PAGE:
Yet another plan to redevelop Charity Hospital may be in the works, this time led by LSU and the LSU Foundation, the university's fundraising arm.
The 20-story hospital, renowned for its art deco architecture and the decades it spent as the main health care provider for the city's poor, has stood vacant in downtown New Orleans since it flooded after Hurricane Katrina 12 years ago. Several attempts by the city and state to redevelop it have come to nothing.
The new effort, which began earlier this summer, would see the LSU Real Estate and Facilities Foundation — a subsidiary of the LSU Foundation — take a crack at the project.
The foundation is kicking things off with a comprehensive land-use study of the building, which is owned by the LSU Board of Supervisors. That study will be conducted in early November by the nationally known Urban Land Institute, with a full report coming by the end of the year, said Sara Whittaker, a spokeswoman for the foundation.
Exactly what the foundation will ultimately seek to do with the building will be based on recommendations included in the study and decisions by a 16-member committee that includes state Commissioner of Administration Jay Dardenne; officials from LSU, the foundation and the LSU Health Science Center; and others.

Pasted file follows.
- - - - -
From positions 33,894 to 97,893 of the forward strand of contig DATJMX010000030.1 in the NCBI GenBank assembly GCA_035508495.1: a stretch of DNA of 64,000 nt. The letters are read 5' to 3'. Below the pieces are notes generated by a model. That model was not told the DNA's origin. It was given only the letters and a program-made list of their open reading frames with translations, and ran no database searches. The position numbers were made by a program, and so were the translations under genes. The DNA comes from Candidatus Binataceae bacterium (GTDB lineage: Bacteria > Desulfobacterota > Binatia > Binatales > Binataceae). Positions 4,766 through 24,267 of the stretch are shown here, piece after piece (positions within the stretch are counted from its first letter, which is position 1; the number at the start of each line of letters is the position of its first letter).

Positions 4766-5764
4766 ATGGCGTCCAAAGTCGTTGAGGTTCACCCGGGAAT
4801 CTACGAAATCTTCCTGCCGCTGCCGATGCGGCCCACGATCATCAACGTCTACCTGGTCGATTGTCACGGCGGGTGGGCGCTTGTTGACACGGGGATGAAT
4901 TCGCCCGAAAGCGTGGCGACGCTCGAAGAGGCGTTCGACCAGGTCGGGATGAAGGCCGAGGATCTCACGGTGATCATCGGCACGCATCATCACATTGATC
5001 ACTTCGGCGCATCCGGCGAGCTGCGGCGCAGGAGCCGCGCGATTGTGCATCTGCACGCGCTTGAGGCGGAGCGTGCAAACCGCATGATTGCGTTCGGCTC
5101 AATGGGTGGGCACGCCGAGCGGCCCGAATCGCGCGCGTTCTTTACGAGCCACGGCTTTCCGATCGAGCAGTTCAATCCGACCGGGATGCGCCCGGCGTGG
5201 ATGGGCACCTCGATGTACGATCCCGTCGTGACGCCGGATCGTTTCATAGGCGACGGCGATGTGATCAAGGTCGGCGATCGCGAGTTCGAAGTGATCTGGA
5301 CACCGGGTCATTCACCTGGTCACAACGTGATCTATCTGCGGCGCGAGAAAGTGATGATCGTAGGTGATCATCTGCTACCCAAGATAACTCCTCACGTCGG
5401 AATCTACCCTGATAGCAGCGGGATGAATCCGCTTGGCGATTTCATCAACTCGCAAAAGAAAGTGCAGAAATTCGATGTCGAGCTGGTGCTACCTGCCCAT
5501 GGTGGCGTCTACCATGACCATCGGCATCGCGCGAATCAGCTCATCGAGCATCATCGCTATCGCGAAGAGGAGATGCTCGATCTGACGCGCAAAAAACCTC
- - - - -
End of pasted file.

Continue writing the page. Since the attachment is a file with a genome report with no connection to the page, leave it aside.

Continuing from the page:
“This is a big step forward by having a land use study and determining what is the best potential use or uses for New Orleans and LSU, its faculty and staff,” Whittaker said.
Several attempts have been made to redevelop the building over the last decade, though none progressed very far. Mayor Mitch Landrieu pitched the idea of moving City Hall and some local courts into the structure but ran into opposition and dropped the idea.
A more recent effort in the waning days of former Gov. Bobby Jindal's administration sought proposals from private developers, but those ideas were tossed out after Gov. John Bel Edwards took office.
Early this year, state officials approved a clean-out of the building to get rid of debris left behind since the storm.